DEAR HARRIETTE: I met a guy on an online dating site, and we've been dating for almost two months. I'm pretty sure he's interested because he calls often, we spend a lot of time together and he's opened up to me. But I have also noticed he's still active on the dating site we met on. What really bothers me is that he's updated his profile picture with a photo I took while we were out. I don't know if I should be flattered because he likes my photography skills or if it's completely messed up and he's just using me? -- Dating.com, Albany, New York
DEAR DATING.COM: It is time for you to say something. Start by talking about the time you two are spending together. Tell him how you feel about him. If you think there is a chance that you can build something together, tell him you would like to try.
Then tell him you noticed that he is still posting on the dating site where you met, and that you saw that he had posted a photo you had taken of him. Ask him if you should feel flattered or saddened. If you want the opportunity to date this man exclusively, you will need to say as much and ask him if he wants the same thing. If he is noncommittal, take that as a cue that this is not the man for you, at least not now.
DEAR HARRIETTE: I never thought this would happen to me: I am a 35-year-old married woman who is having a full-blown affair. When we got married two years ago, we were compatible and had similar interests. I was not in love with him, but we had been dating for four years, and most of my friends were getting married. So when he proposed, it seemed like the right thing to do. Immediately after the wedding, we began to fight. He goes out drinking just about every night, and I hate it. I have suggested counseling, but he won't go. We haven't been intimate in six months.
Several weeks ago, I became friendly with a man at work. My co-worker paid a lot of attention to me and built up my battered self-esteem. It didn't take long for me to start seeing him on the side. This new guy is 40 and has never been married. He says he can make me happy and feel fulfilled, and I know he is right. He has asked me to leave my husband and marry him. I love him (my co-worker), but I hesitate to throw away the history I have with my husband. Also, I don't want to admit to my parents that my marriage is a failure. What should I do? -- Torn and Trapped, Jackson, Mississippi
DEAR TORN AND TRAPPED: Deal with first things first. Stop dating your co-worker for now. If you feel there is a possibility of a life with him, ask him to wait until you handle your affairs at home. Then ask your husband for a divorce. Hire an attorney and draw up the papers. Take the time to go through the legal process and to explain to your husband that you no longer have faith in the marriage. Stay focused on uncoupling from your husband. When that is settled, you will discover if the other man remains an option. But don't get the two confused. You don't know what's next until you make space for it.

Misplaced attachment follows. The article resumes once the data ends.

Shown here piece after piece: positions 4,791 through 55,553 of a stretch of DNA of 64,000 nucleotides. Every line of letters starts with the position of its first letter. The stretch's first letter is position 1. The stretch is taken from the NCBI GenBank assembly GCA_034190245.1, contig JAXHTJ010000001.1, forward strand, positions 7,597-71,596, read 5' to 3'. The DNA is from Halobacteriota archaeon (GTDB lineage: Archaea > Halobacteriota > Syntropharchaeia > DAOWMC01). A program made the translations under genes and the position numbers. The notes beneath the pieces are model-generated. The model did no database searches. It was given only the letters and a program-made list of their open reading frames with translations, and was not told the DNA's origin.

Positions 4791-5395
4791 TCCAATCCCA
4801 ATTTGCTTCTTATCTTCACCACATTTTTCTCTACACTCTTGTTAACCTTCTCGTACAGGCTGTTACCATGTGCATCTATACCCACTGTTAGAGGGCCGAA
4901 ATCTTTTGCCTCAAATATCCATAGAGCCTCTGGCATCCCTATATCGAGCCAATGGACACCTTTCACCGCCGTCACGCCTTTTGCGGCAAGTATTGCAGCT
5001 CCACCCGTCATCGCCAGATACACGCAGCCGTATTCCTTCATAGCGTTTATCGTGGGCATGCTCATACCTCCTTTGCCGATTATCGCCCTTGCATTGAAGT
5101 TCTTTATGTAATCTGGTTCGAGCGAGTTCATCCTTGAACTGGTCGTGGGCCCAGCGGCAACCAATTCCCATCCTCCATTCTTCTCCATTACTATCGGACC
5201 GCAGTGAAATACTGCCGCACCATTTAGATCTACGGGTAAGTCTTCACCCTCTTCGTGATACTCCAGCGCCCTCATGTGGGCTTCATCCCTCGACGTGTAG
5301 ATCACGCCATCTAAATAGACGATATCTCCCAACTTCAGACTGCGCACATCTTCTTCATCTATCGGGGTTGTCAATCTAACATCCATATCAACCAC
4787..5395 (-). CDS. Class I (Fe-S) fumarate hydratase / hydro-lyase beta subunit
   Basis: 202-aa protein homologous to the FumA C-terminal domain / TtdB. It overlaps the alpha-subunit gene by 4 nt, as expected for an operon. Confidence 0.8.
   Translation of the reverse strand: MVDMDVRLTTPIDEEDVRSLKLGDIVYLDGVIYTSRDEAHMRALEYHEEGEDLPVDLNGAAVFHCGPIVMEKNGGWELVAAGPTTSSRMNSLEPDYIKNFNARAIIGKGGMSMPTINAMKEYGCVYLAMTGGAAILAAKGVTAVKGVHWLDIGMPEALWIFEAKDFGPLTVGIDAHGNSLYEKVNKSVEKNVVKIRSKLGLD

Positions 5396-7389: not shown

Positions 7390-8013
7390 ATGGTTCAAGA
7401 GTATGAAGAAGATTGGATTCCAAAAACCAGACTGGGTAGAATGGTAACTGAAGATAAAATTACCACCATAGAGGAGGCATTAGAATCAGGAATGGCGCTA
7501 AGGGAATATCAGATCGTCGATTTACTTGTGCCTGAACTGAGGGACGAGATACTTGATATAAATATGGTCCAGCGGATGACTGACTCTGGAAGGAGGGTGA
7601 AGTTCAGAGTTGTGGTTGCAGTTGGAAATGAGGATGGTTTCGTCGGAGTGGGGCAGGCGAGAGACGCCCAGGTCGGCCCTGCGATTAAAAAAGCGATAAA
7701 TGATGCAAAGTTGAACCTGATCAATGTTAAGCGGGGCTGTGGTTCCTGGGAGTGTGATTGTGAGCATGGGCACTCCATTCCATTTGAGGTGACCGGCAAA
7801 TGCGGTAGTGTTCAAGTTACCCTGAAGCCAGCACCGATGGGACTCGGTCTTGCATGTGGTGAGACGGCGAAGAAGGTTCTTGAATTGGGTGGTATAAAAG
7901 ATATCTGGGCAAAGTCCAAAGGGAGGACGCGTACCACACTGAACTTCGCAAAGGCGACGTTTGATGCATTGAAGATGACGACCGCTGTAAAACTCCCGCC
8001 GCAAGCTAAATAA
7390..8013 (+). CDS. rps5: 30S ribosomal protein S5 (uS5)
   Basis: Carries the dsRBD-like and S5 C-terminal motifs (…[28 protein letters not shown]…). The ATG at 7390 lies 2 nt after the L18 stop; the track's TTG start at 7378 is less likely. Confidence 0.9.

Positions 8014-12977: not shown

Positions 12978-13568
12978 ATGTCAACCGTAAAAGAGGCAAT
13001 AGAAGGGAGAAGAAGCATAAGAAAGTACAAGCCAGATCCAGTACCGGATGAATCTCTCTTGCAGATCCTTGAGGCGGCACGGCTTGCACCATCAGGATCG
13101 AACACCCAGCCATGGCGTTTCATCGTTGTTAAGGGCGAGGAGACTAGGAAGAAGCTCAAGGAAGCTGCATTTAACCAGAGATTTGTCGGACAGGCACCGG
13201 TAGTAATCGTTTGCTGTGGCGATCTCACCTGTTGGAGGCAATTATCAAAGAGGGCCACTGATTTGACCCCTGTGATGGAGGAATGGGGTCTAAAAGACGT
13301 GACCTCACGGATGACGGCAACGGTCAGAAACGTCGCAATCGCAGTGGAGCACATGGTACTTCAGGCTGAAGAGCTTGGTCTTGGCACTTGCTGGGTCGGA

DEAR HARRIETTE: Our son and his wife have separated after four months of marriage; they will be divorcing shortly. They want to know what to do about the wedding gifts. Should gifts be returned when the marriage does not last six months? Many friends have said their gifts should be kept and that my son and his wife should divide them. Gifts of money were spent already on the honeymoon and on furnishing the house. -- 120-Day Marriage Gifts, Houston
DEAR 120-DAY MARRIAGE GIFTS: The going wisdom in 2018 is that you do not have to return the gifts. It is likely that the couple has used many of the gift items already. And clearly their thoughts are not on the fruits of the wedding but on whatever happened that has split them up so quickly. For now, they should focus on handling their business.
If there is any chance of reconciliation, they may want to seek professional counseling to figure that out. If divorce truly is imminent, they should handle that first. If they are inclined, it might be good to send a note to all of the guests informing them that, sadly, their marriage has ended. The note can ask for discretion and privacy during this period of transition as it also thanks guests for their love and support. This may help with the inevitable "How is married life?" questions that will pepper all conversations for months to come unless people know otherwise.
DEAR HARRIETTE: I want to adopt a dog with my boyfriend. I think it will be good preparation for a child. We are not going to have children soon, but a dog would be a nice addition for both of us.
My boyfriend tells me he's not ready for the responsibility and he doesn't know how to take care of a dog because he's never had one. I have had dogs my whole life, and I know how to do it. I'm waiting for him to become ready for a dog, but I know I will become impatient if he keeps waiting. Should I talk to him about it again? -- Wanting a Dog, Milwaukee
DEAR WANTING A DOG: Pressuring your boyfriend into getting a dog is not the best way to begin this process, especially if your goal for having a dog is to lay the foundation for having a child. It is important that the two of you work together and get on the same page about your future. Talk about your goals and dreams, and plot your course. Perhaps a dog will figure into the picture, but there is no guarantee. Many people successfully have children without ever having pets.
Figure out what each of you is willing to do as it relates to building a family. Funny enough, if you ever do get a dog, you may find yourself shouldering the lion's share of responsibility there -- at least sometimes. You have to decide what you are willing to do.